The Genious of Observation

and the power of documentation.

Was Da Vinci the grand inventor that many claim him to be or just one of the most astute observers of our time? So maybe I’m on Da Vinci overload. I recently saw the movie, then went to the Chicago Museum of Science and Industry (one of the best science museums I’ve been too, though I’d still say the Exploratorium in San Francisco has a richer hands on experience) Anyhow, no doubt that Da Vinci was one of the smartest and chock full of talent, but after leaving this exhibit, you’d think that Leonardo invented just about everything in the modern world. Don’t get me wrong, I very much enjoyed the exhibit, but seeing this exhibit made me think back to my art history classes in design school. Think of all the things that were done before Leonardo. The Parthenon, 450BC. This is a serious feat of design and engineering, 1800 years before Da Vinci.

How about the Mayans? They were around from about 250 to 900 CE. They were claimed to be one of the most technologically advanced civilizations of all pre-Columbian civilizations in the Americas.

How about Archimedes? The Chicago exhibit shows the water screw and does give credit to Archimedes, but one part of the exhibit claims that Da Vinci invented the death ray made of mirrors to fend off attacking ships. If my facts are right, Archimedes gets to claim this one too, though the folks at MIT and the Mythbusters have busted this one.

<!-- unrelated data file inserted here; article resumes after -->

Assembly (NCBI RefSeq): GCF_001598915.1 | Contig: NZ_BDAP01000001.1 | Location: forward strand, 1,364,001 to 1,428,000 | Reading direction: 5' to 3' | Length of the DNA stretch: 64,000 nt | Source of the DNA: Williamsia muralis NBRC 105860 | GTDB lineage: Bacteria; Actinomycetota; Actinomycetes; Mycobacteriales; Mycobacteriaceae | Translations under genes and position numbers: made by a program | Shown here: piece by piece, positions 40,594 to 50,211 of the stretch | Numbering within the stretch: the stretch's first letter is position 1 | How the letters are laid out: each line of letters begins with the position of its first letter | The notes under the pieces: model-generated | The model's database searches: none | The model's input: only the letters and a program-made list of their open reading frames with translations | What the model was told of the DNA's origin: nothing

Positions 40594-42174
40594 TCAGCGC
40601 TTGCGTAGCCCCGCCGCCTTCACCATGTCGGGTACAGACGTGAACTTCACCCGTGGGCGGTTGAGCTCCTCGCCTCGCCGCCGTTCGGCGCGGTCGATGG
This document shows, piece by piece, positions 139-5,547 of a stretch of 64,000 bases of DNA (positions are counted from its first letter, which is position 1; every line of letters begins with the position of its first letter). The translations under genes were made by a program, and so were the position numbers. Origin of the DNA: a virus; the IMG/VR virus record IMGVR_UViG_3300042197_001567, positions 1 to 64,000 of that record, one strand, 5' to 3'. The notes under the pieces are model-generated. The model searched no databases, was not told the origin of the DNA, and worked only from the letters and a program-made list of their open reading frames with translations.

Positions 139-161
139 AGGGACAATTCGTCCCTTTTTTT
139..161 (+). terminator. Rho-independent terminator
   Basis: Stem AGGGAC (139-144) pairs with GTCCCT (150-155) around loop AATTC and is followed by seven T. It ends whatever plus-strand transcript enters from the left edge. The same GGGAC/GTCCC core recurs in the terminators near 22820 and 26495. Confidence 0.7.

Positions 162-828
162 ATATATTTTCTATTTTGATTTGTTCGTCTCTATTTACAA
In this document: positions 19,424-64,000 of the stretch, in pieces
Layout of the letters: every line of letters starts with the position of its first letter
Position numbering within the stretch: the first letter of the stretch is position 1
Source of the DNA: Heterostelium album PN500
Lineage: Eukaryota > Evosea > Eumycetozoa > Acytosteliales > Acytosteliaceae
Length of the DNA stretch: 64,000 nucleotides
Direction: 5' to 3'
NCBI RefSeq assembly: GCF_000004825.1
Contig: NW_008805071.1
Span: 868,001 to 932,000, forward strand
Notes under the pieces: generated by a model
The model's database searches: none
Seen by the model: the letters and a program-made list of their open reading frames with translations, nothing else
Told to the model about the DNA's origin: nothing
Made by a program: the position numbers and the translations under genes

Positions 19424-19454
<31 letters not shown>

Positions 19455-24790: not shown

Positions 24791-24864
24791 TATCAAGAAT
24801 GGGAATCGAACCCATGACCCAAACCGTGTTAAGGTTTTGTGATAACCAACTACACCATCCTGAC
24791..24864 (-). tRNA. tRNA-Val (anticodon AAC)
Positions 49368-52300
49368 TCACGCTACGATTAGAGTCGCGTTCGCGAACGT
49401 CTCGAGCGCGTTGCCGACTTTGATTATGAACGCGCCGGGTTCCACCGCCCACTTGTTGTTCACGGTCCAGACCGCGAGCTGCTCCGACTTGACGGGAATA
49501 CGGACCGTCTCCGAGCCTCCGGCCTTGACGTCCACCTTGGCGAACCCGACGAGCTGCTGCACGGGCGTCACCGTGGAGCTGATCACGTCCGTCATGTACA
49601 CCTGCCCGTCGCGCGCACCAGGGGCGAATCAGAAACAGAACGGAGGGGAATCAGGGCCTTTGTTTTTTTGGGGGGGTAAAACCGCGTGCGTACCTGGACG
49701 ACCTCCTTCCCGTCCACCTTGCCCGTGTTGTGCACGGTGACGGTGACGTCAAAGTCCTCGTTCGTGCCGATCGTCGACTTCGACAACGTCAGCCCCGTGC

One could go on and on about what was invented first and when, but here’s where I think Leonardo was genius, he documented everything he saw. And yes, he had his share of inventions and improvements on ideas that he had seen.

So here is something for all us inventor/designers to think about, you could be first with the idea, maybe even get it in the public domain, but if you don’t claim that you did it without some kind of documentation, well you may be shit out of luck. (Note, this isn’t an endorsement for the Patent Lawyers Association either) Here’s something else to think about, maybe our famed inventor didn’t care to claim to be the originator. Maybe he was just creating a vast, detailed visual dictionary, but since he’s not around to tell the story, the press and media tell it for us. And finally, maybe all Da Vinci was doing was trying to be the best, most creative and curious problem solver he could possibly be, no fame, no fortune, just the love of exploration and invention. No PR, no stories, just pure passion. 500 years later, he’s got his fame, I wonder if his family got the fortune!

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